India through a Kid's Eyes

If you have ever had a chance to visit India, you will never be able to forget it. That is exactly what happened to me. Although my trip took place over twenty years ago, my memory can still hold the minutest details of it. As I was only a child of ten, I didn't either study the Indian yoga philosophy or get acquainted with the country's cultural heritage. So, I am going to describe the facts of everyday life that struck my childhood fancy.

My overall impression of India can be boiled down to the word "contrast": here it is not unusual at all to see a luxurious cottage in close proximity to a poverty-stricken hut with wet linen hanging on the roof or people wearing very rich clothes and gold jewellery next to hungry barefooted homeless folk suffering from cholera or leprosy.

The terrible diseases make it necessary for everyone to wash fruits and vegetables with special red soap which destroys all the bacteria. However, it didn't prevent us from eating fruits every day due to which I learned a lot of new names and tastes: papaya, lychee, mango... As to other food, I have already mentioned Indian cuisine in one of my blog posts.

Anyway, Indian heat doesn't contribute to hearty appetites. Therefore, most people in India are lean. Women can afford to wrap themselves up in five metres of cloth called "sari" without looking fat. Their clothes are usually colourful and on holidays they wear plenty of jewellery: nose rings, chains on their heads and ankles and lots of bracelets that jingle as they move. It is also orthodox to wear a red dot called "bindi" to decorate one's forehead and paint one's palms and hair parting red.



When there is no holiday, women work a lot. An idling man is a more habitual sight in India than a woman who is sitting about doing nothing. Women from the lower classes not only raise children, do their household chores and shop, but also perform hard work such as carrying loads on their heads (even pregnancy doesn't stop them from doing that as you can see in the second picture):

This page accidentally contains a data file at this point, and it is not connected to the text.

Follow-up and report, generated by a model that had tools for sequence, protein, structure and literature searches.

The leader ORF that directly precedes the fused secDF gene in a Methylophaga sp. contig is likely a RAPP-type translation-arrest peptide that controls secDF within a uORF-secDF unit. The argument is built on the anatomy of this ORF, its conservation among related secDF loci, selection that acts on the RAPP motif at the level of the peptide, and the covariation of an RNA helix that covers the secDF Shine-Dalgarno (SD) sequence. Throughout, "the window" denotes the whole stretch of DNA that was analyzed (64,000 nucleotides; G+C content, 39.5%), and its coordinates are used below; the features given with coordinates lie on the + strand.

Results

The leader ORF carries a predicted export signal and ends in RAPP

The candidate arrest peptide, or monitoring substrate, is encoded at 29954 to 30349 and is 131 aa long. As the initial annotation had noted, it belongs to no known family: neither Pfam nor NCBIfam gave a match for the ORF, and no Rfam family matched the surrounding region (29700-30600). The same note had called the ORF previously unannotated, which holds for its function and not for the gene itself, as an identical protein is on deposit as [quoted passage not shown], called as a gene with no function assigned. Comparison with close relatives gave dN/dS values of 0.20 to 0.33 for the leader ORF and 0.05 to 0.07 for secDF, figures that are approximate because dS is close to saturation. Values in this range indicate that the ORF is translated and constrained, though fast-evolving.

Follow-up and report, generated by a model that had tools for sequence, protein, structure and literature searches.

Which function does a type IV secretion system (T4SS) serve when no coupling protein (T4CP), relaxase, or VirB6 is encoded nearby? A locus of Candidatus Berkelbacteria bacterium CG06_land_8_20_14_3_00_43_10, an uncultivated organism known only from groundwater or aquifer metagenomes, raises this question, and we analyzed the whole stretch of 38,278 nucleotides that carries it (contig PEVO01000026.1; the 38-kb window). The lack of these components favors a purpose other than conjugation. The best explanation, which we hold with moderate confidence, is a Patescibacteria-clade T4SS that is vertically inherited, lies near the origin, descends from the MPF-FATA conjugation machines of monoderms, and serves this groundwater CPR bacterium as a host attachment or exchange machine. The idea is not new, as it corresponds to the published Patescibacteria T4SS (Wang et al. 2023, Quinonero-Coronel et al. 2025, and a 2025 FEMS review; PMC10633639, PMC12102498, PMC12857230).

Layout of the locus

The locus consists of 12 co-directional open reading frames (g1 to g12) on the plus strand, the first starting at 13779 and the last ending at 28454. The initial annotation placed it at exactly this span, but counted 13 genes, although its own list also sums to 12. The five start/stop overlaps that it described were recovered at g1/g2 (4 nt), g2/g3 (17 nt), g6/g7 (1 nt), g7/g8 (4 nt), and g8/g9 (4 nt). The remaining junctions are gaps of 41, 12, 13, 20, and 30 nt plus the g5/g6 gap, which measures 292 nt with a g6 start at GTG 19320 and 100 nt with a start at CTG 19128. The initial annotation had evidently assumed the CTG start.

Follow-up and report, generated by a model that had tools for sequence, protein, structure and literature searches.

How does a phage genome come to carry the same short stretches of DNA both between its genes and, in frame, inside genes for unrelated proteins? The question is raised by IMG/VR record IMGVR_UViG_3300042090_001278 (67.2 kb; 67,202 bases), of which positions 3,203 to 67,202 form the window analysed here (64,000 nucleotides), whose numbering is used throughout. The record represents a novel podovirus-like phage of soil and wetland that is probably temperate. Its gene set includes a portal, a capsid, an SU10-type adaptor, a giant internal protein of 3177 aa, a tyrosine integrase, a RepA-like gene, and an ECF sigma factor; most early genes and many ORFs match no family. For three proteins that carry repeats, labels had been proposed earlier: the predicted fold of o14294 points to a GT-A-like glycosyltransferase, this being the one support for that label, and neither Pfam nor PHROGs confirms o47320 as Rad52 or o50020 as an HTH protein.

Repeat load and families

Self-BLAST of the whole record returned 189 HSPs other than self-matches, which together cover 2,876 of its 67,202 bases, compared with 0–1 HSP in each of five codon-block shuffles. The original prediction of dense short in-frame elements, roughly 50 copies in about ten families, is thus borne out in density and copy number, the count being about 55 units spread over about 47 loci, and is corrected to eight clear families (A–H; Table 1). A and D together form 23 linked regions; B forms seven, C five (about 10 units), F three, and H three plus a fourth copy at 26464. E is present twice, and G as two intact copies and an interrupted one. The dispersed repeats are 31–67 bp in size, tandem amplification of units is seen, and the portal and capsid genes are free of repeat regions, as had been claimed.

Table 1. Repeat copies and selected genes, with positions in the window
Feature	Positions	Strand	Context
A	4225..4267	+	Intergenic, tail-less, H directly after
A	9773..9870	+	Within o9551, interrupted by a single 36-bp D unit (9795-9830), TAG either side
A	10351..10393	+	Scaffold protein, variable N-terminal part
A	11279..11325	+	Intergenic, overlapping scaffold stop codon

Whereas most men are occupied in more sedentary activities like producing jewellery or selling produce at the market:


Those men who do go to work, sometimes do it in a most unusual way - on a bus roof:


But the most widespread means of transport is a bicycle. I remember looking out of a taxi back window and seeing hundreds, if not thousands, of bicyclists. An extraordinary sight, I would tell you, like a bicycle race. But in fact only everyday life.

Middle class people can afford to travel by rickshaw:


Cars are owned only by the wealthier people but they seem to be at a disadvantage: if there is a cow lying in the middle of a road (which is not rare at all), no driver dares blow his horn for cows are sacred animals in India.

As to other Indian animals, they have to work really hard to earn their food. Cobras swell their hoods to the tune of their master's pipe:


Cocks participate in battles:


Elephants carry people:


Only crocodiles seem to lead luxurious lives passing their days in spacious open air zoos without any cages and allowing the public to contemplate their sharp teeth: